Friday, November 9, 2007

Expatriate Communities

This morning, I gave a presentation on jazz in Paris to a class at the American University in Paris. I had met the instructor, an NYU graduate student, at a social event, and we have had a few conversations. I enjoyed meeting the class and talking about a familiar subject. I was also glad to visit the American University campus -- actually a collection of buildings in the neighborhood near the Eiffel Tower. These lucky students can see the Tower every time they walk to their library.

The experience made me think about the American community here in Paris and how big and interconnected it is. I studied this phenomenon when writing about jazz, but I'm only now really feeling that sense of an expatriate community on this trip. Between the other fellows at the Institute, a weekly meeting of American academics organized through the H-France email listserv, and a few other people, I know more Americans in Paris than on any other trip here. Visiting the American University, as well as at Reid Hall, reminded me that there are so many Americans here at any given time.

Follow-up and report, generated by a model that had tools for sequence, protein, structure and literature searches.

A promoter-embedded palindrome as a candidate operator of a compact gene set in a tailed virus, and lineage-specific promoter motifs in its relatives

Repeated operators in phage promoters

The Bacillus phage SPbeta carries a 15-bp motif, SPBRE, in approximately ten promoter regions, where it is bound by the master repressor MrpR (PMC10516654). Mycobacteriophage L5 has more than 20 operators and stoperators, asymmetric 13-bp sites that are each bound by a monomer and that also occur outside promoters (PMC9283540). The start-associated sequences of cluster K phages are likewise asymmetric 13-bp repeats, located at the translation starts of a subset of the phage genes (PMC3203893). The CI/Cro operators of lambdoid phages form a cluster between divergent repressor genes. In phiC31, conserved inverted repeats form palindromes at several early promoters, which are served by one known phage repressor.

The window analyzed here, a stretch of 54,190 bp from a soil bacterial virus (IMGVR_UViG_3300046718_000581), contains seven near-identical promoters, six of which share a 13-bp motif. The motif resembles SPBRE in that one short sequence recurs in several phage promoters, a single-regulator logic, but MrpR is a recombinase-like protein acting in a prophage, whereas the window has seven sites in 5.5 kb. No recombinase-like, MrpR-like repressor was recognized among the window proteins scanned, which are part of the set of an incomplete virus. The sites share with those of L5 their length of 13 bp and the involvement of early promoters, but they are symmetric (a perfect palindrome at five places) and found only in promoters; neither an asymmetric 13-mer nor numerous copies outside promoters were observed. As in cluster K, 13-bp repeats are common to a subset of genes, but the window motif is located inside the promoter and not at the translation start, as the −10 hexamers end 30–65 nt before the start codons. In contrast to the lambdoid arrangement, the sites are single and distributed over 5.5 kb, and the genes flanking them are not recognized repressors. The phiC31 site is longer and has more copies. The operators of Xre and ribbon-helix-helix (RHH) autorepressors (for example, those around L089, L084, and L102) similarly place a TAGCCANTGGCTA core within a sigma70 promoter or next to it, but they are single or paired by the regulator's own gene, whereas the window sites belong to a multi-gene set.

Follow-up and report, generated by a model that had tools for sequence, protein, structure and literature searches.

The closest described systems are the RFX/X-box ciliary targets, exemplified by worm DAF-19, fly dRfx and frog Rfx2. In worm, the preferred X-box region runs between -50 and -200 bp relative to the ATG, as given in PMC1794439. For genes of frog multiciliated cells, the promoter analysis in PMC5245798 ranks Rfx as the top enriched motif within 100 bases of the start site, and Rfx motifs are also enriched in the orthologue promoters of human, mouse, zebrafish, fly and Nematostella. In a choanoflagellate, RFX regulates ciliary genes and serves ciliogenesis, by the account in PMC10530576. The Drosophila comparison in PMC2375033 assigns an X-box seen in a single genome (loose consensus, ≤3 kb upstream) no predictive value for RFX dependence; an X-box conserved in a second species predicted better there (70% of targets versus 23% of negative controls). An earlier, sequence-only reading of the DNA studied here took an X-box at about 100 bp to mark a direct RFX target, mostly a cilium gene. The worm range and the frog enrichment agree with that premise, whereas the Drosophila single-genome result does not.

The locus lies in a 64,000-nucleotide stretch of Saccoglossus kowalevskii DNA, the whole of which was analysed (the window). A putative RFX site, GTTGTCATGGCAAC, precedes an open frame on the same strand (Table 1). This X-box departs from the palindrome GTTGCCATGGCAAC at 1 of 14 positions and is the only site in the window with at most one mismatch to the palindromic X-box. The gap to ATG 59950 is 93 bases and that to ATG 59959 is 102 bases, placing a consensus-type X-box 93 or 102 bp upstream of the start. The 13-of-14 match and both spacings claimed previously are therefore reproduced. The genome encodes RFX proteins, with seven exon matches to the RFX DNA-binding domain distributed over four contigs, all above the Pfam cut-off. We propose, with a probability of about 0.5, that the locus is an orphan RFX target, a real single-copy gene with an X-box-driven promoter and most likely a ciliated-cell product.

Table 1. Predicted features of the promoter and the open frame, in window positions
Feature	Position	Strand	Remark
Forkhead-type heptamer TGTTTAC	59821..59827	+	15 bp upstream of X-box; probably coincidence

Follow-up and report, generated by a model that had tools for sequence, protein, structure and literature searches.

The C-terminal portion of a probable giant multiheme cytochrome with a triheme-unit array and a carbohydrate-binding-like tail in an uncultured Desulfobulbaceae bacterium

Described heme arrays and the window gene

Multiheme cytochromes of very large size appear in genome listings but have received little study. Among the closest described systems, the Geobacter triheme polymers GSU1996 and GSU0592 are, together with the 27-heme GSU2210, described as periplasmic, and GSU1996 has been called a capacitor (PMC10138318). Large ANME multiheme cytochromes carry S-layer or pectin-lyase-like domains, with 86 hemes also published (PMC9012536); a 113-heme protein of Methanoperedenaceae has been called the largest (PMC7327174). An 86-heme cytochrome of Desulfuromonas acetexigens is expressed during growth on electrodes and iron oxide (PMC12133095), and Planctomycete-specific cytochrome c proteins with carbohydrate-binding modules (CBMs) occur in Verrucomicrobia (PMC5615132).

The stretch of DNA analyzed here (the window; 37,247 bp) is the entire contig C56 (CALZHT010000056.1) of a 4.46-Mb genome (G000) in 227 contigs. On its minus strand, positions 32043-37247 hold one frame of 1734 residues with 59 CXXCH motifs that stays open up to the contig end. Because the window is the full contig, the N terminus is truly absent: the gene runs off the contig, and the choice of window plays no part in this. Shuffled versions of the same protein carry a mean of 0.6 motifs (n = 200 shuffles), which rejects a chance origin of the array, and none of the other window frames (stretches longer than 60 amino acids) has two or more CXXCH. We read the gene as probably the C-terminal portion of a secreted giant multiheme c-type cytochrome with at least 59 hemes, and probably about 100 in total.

Being an expatriate here means living in Paris and perhaps knowing some French people (I had lunch with the one French academic I know) but also being part of a community which still remains set apart -- "foreign," for lack of a better term. People who understand each other through shared cultural values, assumptions, and references naturally seem to find each other and click, even if they might never meet or get to know each other in the US. When living in another culture, we look for the people most like us because they remind us of home.

On this trip, I've come to be even more sympathetic to anyone who leaves the country where they were born and moves to another place, especially when learning another language. It takes lots of guts, brains, and willpower to be an immigrant not only because it means learning so much that is new, but giving up so much that is a part of you.

Living in another culture sounds romantic until you do it yourself for a time. Then you begin to understand why, for instance, immigrants to the US from various places around the world live near one another, create their own stores, churches, clubs, and other institutions. Americans have done the same in Paris (and elsewhere). You could go to an American high school and an American university, attend American churches, read in the American library, and eat in American restaurants all right here in Paris. I'm not an immigrant, only a temporary expatriate. But I have a new appreciation for anyone who leaves home for another land, even if only for a short time.

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